On 31 March & 1 April in Paris Sothebys
will offer for sale an ensemble of 600 historic sculptures and interior/exterior decorative objects (statues, fireplaces, garden furniture, park and garden ornaments) from Origines specialists in France's architectural heritage from the Gothic period to the 20th century. Origines are based in Le Four-à-Chaux, a former 18th century industrial building in Richebourg, west of Paris, and cater to an increasingly international clientele.
The ensemble showcases the magnificent materials stone, marble, wrought iron used for statues, fireplaces, park and garden ornaments, and monumental architectural pieces.
All bear unique witnesses to the past, and exude their own special magic, inviting art-lovers on a fascinating voyage of discovery through the ages, passing by a host of different periods, styles, forms and materials. These items have been rescued from oblivion and are now destined to adorn magnificent new homes.
The most eagerly awaited sculptural work will be an 18th century stone statue of Louis XIV in classical garb, directly inspired by the marble statue made by Martin van den Bogaert, known as Martin Desjardins (1637-94), for the Orangery at Versailles in 1679-83 (estimate 100,000-120,000).
A very attractive and decorative pair of 18th/19th century French terracotta sphinxes topped by cherubs clutching garlands of flowers (est. 60,000-80,000).
The sale's 19th century works include a marble allegory of Spring made by Jean-Baptiste Clésinger in 1874; the head is adorned with a wreath of flowers, and the body clad in flowing robes. Its sister work, Autumn, is now in the Hermitage in St Petersburg (est. 40,000-50,000).
An exceptional pair of painted, cast iron Florentine pages after Edouard Houssin, dating from the second half of the 19th century, was once in the home of Salvador Dalì's private secretary, John Peter Moore; the ants on the trousers of one of the figures evoke recurring visions in Dali's paintings, derived from childhood nightmares, and are thought to have been painted by Dali himself (est. 30,000-40,000).
A very fine 19th century iron cast of Hunting Dogs after Comte du Passage (1839-1909), signed Du Passage 1887 and with the mark of the founder A. Durenne/Sommevoire (est. 29,000-33,000).
The sale's 20th century highlights include a monumental marble Seated Woman (est. 35,000-45,000) and a Squatting Woman Playing with a Ball (c.1930) a plaster group by the American sculptor Edward Bruce Douglas (est. 5500-6000).
The sale's decorative interior pieces include an exceptional Napoleon III panelling ensemble from a building in Lille, comprising a main wall with Louis XVI-style fireplace and mirror; a pair of double-doors and over-mantels; the side walls, one with two windows, the other with a double-door; and panels. The wall opposite the fireplace has a symmetrical composition. The panelling is painted with genre scenes by Félix H. Lucas and Pascal Pilate (est. 60,000-100,000).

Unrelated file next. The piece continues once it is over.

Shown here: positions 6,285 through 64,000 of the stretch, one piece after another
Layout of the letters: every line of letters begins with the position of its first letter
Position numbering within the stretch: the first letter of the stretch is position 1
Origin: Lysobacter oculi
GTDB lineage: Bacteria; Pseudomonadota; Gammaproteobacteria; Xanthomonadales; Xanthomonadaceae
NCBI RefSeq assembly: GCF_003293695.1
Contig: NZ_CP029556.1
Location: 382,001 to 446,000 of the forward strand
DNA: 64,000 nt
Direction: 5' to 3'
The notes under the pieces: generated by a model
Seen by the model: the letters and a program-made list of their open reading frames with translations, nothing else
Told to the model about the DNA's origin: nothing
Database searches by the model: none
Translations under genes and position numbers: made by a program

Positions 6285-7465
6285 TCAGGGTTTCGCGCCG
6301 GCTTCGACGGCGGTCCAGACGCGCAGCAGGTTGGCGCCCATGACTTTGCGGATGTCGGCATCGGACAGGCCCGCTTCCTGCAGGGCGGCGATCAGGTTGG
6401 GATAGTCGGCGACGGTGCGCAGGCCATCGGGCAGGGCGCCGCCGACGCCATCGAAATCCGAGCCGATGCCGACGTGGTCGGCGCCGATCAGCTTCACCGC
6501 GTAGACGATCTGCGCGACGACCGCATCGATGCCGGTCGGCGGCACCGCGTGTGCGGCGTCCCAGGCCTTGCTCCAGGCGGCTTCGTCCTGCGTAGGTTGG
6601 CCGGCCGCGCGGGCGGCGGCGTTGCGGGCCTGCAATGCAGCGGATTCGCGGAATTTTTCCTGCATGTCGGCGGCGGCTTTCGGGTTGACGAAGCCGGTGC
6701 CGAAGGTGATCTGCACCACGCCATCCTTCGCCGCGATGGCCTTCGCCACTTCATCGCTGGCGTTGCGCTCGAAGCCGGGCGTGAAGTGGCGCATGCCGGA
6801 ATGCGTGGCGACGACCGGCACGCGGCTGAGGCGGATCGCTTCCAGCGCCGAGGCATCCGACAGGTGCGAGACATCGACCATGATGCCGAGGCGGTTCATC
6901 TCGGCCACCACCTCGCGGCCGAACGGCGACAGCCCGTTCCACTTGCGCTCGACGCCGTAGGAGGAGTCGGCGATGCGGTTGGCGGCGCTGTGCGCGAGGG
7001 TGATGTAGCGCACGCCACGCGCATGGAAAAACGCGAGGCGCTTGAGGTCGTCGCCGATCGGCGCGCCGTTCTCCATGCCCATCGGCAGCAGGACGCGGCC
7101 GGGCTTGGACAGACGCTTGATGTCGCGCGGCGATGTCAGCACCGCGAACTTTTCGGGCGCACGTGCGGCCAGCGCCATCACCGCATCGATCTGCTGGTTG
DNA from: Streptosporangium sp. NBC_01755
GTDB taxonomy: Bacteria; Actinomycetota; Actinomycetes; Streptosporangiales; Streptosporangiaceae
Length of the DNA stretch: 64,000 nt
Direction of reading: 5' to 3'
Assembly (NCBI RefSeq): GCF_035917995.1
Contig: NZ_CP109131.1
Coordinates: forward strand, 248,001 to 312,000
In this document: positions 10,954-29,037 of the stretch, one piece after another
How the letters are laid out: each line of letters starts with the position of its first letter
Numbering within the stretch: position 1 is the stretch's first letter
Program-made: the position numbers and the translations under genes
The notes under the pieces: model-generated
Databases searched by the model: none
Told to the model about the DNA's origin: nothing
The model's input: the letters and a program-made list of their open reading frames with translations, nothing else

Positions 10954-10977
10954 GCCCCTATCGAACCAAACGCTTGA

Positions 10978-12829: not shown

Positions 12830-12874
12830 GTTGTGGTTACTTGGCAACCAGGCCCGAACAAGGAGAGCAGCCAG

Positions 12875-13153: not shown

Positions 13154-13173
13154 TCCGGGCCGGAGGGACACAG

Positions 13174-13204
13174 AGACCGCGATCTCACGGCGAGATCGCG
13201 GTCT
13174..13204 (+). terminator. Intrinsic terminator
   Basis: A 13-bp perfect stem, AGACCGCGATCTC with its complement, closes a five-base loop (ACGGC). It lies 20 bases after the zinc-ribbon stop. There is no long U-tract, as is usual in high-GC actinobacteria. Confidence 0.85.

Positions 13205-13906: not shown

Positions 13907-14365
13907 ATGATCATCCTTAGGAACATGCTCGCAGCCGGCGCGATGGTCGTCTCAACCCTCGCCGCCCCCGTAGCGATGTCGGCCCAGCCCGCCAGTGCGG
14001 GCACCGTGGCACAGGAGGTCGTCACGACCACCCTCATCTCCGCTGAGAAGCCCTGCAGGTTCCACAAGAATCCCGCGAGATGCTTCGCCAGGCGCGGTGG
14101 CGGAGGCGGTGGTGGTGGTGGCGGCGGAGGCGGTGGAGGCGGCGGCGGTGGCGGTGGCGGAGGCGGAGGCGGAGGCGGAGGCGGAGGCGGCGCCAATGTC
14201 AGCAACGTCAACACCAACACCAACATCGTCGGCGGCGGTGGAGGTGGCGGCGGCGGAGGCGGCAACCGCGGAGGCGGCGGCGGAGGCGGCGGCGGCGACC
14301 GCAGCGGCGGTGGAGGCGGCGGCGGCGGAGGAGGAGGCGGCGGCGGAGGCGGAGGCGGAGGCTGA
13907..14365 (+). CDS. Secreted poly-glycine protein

The sale includes a broad selection of 18th and 19th century fireplaces, notably an exceptional neo-Gothic terracotta fireplace designed by J. Fritsch and made by Wieneberger Ziegel-Fabriks doubtless a commission for the Austrian imperial family (est. 300,000-500,000). The fireplace blends medieval style with sophisticated craftsmanship, and bears the Viribus Unitis ("With United Forces") motto of Habsburg Emperor Franz Joseph (1830-1916), whose reign was the longest in imperial history. In 1854 he married Elisabeth Amelie Eugenie von Wittelsbach, Duchess of Bavaria, better known as the legendary Sissi (1837-98). The couple's respective coats-of-arms those of the family of Habsburg-Lorraine and the Duchy of Bavaria can be found in niches above the fireplace. The two knight figures on octagonal Corinthian columns evoke the Habsburgs' glorious dynastic past. They portray Maximilian I (1459-1519), Archduke of Austria, Holy Roman Emperor and King of Germany, the veritable founder of Austrian power, who bequeathed half of Europe to his grandson Charles V; and Archduke Matthias of Austria (1557-1619), King of Bohemia & Hungary and Holy Roman Emperor.
Among the splendid selection of 17th & 18th fireplaces are a fine Louis XIV stone fireplace from Lorraine with carved foliage and a moulded/sculpted lintel (est. 90,000-120,000), and a Louis XV Brèche de Medous marble fireplace with a cartouche in the middle of the lintel (est. 45,000-55,000).
A 19th century Renaissance-style stone fireplace (Poitou-Charentes c.1840), from the former Hôtel de la Charmille, has a lintel sculpted with foliage and cornucopia, topped by a trumeau carved with a medallion featuring a basket of fruit (est. 40,000-50,000).
Along with the fireplaces are numerous cast-iron fire-backs, the oldest dating from 1665 and the reign of Louis XIV, featuring two shields topped by a grilled helmet (est. 9000-10,000). There is also a Louis XV cast iron chimney plaque dated 1735 adorned with a central coat-of-arms supported by two lions, flanked by masks and foliage (est. 7,000-10,000); and a 19th century plaque featuring a classical scene (est. 3,000-4,000).
Park & Garden Ornaments
The sale's array of stone and cast iron garden elements includes a Louis XV cooking pot adorned with faun heads topped by a flame, similar to a model on Place Stanislas in Nancy (est. 10,000-12,000).
A 19th century cast iron vase (see illustration), embellished with vines, leaves, satyr heads and panther skin, is based on the white marble Warwick Vase discovered at Hadrian's Villa in Tivoli (est. 16,000-18,000).
There is also a cast iron ornamental vase and stand from the second half of the 19th century (est. 6,000-8,000); and a pair of carved and moulded Louis XVI white marble cassolettes (est. 12,000-15,000). A rare pair of mid-19th century white marble stands have spiral fluting punctuated by 'asparagus tip' motifs and acanthus leaves (est. 30,000-40,000).